October 23, 2016
I’ve been completely immersed in Elixir and Phoenix for the past 4 months, and have been enjoying the mixture of familiar (Phoenix owes some debts to Rails) and the new (sequential Erlang’s purely functional programming, and Erlang’s philosophy of building programs on small lightweight processes instead of objects).
There was a magical moment during Chris McCord’s keynote at ElixirConf 2016 where he was demonstrating the Presence feature of the Phoenix Framework through a collaborative drawing app he hosted on his laptop. As he spoke, the audience connected their laptops to the same page and quickly disrupted the presentation, adding their own little touches to the drawing he’d made.
I’ve seen this type of demo before, when Bonjour was new and developers were experimenting with collaborative apps, but my brain has been totally wired to expect Web apps to be slow and laggy when doing something highly interactive. I credit that responsiveness to Erlang, doing the heavy lifting in the background.
How hard is it to write the basic version of this app?
Phoenix offers so much through it’s channels feature, that I was able to bring up a (very) bare-bones version of this in a couple hours.
You can check out the app at: https://shrouded-cliffs-40854.herokuapp.com. It’s more fun if you open up two browser windows or point two separate devices to the same address.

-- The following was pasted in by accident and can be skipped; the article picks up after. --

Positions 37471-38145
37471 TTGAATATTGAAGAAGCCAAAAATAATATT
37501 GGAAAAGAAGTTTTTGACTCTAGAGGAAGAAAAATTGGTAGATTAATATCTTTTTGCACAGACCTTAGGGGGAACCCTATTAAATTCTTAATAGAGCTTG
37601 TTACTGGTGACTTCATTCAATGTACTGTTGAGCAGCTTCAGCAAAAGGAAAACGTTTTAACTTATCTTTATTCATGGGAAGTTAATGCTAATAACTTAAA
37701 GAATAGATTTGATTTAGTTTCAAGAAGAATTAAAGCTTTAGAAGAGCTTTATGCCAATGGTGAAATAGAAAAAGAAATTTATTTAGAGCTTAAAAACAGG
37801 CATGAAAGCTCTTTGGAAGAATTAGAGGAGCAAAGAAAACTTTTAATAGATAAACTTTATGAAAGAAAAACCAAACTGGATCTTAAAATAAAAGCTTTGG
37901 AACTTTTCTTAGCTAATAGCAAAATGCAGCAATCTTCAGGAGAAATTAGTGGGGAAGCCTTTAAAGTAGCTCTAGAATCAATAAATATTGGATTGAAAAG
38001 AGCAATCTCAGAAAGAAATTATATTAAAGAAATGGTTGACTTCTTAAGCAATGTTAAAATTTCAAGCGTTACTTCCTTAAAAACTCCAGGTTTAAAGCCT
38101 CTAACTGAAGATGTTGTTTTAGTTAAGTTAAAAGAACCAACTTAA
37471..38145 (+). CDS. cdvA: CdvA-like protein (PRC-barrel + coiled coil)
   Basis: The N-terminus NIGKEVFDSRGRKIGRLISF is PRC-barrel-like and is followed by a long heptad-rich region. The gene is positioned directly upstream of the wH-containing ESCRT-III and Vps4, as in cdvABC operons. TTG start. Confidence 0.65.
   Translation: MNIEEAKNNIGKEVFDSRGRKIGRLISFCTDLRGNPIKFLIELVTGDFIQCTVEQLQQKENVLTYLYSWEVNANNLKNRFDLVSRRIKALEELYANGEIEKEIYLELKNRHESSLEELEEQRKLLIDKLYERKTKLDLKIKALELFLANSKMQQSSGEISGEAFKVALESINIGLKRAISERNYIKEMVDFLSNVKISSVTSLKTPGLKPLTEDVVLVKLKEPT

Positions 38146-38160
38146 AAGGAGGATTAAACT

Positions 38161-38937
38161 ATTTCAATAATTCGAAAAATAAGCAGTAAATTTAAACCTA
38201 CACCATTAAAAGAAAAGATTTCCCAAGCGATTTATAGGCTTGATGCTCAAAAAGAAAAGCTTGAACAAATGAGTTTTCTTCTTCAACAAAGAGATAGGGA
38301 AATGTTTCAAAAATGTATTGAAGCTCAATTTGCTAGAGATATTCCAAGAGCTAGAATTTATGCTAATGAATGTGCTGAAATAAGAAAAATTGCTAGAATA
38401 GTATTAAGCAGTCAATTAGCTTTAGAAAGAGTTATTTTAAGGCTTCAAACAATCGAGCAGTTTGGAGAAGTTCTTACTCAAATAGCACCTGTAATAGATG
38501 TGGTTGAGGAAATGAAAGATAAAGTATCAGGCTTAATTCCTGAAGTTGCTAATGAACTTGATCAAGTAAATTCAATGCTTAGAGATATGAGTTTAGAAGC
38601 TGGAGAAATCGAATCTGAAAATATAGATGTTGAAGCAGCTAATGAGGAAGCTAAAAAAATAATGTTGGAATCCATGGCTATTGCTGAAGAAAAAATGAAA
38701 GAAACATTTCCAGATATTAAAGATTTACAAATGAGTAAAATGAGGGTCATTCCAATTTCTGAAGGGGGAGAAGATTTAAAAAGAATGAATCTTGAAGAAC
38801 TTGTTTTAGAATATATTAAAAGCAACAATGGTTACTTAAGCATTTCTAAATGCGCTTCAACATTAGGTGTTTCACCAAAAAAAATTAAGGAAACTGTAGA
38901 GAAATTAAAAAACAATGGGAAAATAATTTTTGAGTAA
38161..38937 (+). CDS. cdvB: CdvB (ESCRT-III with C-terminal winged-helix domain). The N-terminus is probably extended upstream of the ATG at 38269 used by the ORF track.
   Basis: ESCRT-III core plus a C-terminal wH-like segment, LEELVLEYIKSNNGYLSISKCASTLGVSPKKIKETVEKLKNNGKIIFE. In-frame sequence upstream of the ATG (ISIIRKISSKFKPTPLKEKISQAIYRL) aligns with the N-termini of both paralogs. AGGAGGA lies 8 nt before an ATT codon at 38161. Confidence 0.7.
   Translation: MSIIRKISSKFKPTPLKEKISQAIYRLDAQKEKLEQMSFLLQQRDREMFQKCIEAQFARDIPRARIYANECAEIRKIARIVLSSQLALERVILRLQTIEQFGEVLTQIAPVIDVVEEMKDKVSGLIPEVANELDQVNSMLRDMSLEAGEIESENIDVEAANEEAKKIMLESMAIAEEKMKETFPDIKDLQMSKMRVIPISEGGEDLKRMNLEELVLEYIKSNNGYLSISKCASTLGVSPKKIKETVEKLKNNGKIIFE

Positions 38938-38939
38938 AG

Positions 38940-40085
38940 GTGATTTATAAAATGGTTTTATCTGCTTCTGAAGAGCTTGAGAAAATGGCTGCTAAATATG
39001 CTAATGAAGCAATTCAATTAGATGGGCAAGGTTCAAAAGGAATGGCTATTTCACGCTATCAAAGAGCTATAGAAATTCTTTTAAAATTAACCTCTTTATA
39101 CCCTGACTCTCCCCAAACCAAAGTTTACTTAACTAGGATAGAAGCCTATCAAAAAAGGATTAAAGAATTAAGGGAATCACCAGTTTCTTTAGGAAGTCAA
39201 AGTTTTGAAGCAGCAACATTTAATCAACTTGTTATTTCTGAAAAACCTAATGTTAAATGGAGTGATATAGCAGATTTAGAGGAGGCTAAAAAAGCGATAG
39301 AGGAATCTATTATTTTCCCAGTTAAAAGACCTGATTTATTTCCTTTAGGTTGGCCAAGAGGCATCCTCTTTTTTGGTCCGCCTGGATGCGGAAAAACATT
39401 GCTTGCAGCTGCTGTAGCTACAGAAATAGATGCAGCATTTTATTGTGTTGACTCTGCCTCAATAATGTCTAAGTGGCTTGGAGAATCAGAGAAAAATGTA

<img src="/images/2016-10-23-phoenix_draw/demo.png" width=“85% height=“85%">
Here’s how to do it:
Step 1 – Create a Phoenix template app
In my first commit, I started with the standard Phoenix template. To keep it simple, I didn’t add any Ecto code.
Step 2 – Add a canvas
In my second commit, I added a canvas element which tracks input events over its surface, and draws a line by calling
drawLine(from, to). It’s important to think of this as the code in the page sending a message to itself, through a function call.
Step 3 – Send draw messages to the server
In my third commit, I added a channel on the server side, to accept a “drawLine” message and in accepting it, the message is re-broadcast to every listening socket for that room.
Now on the client side, I changed the
drawLine() function so that instead of drawing a line, it sends the coordinates to the server (remember that the server will re-broadcast the message to every connected page). Then I installed a handler on the channel to listen to the message and draw a line. So, in a sense, the page is still sending a message to itself, just like it did before, but this time the server is in the middle.
Step 4 – Actually, that’s it
There is no more coding. Now that all pages are listening for drawing events, when you draw on one page, the draw message is sent to all pages (including the one that originally sent the message).
There are some obvious shortcomings to this barebones implementation. First and foremost, due to the networking round-trip, there is a delay between receiving an input event and something actually being drawn on the canvas. Additionally, if the network goes away, the message will never be received, meaning the canvas will remain blank, no matter what the user does.
I have a proposed solution to this problem in this commit, but for this post, I wanted to focus on the simplicity of getting this up and running.
Summary – Phoenix is Fun!
All in all, I was surprised and delighted how fast it was to put something (admittedly simple) like this together. With WebSockets and a fast, responsive backend, the browser is starting to feel closer to an HTML-flavored display server to the erlang-powered application.
I can’t wait to start seeing sites take advantage of this.